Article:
David Tutera is a well known event designer, television personality, and author of several floral and party design books. He has locked horns on national television with Joan Rivers. His more-is-more approach to design does not at first seem like something you would want to attempt at home. But his advice for making a centerpiece yourself in your home is practical and accessible.
Create A Centerpiece
by David Tutera
When setting the table for any occasion, always start with your centerpiece. It is the first thing your guests will notice upon entering your dining room and will be the primary visual statement at your table, other than the brief distraction of the courses being served - but remember, you eat with your eyes first! You should create anything that you can imagine with only one cardinal rule: make sure your guests can see scross the table for conversation.
Here is an innovative way to create a centerpiece that you can translate into almost any party. It will make you look a pro and you can simply add or change certain elements to adapt to the appropriateness and time of year.
Start by deciding what type of party you would like to have. The time of day and who your guests will be will help determine the environment you will want to create. I suggest buying a few glass cylinders in various sizes and quantities, depending on the size and shape of your table. The great thing about simple glass vases is that they are inexpensive and versatile - great for indoor and outdoor use, floral arrangements, candles, water with floating candles, or even sand art.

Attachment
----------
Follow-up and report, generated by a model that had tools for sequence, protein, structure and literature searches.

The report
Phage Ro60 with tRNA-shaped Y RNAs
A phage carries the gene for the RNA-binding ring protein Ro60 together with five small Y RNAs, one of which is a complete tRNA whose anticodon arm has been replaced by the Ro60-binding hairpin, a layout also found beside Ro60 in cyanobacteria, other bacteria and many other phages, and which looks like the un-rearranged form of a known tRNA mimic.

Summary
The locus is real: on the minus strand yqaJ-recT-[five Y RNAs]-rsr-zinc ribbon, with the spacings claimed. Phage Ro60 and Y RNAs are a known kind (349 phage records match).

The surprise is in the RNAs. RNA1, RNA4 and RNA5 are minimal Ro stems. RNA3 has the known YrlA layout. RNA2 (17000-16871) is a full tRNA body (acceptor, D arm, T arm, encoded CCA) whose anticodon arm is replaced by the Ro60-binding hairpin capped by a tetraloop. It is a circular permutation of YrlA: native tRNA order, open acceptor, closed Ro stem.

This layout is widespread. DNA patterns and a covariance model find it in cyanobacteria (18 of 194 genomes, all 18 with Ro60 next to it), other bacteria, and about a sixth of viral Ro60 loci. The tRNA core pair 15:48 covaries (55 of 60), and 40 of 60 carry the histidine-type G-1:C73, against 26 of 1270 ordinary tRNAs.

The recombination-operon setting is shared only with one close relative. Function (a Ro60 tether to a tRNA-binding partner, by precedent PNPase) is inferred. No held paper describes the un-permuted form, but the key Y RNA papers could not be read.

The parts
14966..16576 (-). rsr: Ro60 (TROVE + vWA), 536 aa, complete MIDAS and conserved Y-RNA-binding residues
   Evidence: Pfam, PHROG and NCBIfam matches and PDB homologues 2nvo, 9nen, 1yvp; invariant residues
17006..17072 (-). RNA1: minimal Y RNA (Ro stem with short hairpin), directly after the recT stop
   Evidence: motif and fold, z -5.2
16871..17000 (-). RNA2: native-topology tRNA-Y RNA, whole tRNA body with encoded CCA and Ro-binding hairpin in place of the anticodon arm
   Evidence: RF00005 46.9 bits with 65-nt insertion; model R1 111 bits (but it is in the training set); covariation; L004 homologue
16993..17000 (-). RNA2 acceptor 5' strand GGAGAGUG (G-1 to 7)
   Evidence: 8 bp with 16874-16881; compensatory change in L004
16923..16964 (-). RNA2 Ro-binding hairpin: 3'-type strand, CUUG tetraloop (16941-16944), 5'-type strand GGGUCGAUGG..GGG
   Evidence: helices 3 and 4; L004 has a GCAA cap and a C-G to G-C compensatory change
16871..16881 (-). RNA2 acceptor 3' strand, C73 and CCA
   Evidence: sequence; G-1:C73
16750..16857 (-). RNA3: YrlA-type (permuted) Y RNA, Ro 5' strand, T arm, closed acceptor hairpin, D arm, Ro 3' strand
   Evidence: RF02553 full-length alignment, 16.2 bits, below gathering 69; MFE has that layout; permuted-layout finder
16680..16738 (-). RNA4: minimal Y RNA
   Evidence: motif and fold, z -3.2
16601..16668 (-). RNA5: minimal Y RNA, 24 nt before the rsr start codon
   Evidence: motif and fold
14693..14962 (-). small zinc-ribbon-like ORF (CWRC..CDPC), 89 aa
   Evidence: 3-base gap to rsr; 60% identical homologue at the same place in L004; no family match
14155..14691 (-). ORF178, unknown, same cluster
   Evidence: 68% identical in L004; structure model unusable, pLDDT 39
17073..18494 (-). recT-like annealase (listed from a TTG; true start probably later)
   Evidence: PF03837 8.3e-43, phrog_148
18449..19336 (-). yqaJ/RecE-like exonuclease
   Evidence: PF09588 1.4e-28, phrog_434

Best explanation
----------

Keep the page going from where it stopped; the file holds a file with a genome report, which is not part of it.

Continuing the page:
Place five glas cylinders down the center of your table, with space in between (place the cylinders in a line, the tallest one in the center, the the shortest next, and the medium at the ends). It's important to keep the design symmetrical.
Fill the tallest cylinder with flowering branches (such as cherry blossom in the spring/summer or pepper berry in the fall). Fill the shortest cylinders with river rock and a colored but unscented pillar candle. The two medium end cylinders can be filled with a monochromatic nosegay of floral (any flower that is your favorite). If you're intimidated by floral, fill the two ends with water and color them with food coloring. Add a few floating candles and fully opened rose heads. Your tablescape can transport your guests to any environment - fill with sunflowers and grapes for a vineyard style setting, or use sand and shell with sea grasses for a beach setting.
Like your home, your table should reflect your personality. Now that your centerpiece is created, here are some other table tips:
- Be sure to set your table in advance (but never pre-plate the food_ and always use a cloth napkin accented with a simple napkin ring or a touch of floral.
- Use place cards, whether formal or casual; it shows your guests that you cared enough to think about where each person should sit for the evening.
- If you are entertaining a group of people who are not familiar with one another, have everyone switch places at dessert(you can put numbers or directions for guests to move on the back of their place cards).
A truly successful party will entice the five senses: sight, smell, taste, and touch, so even if you are not a great cook, you can easily improve your party-throwing skills by making it look great.
Go to the web site David Tutera Stem HERE (from where these images came from).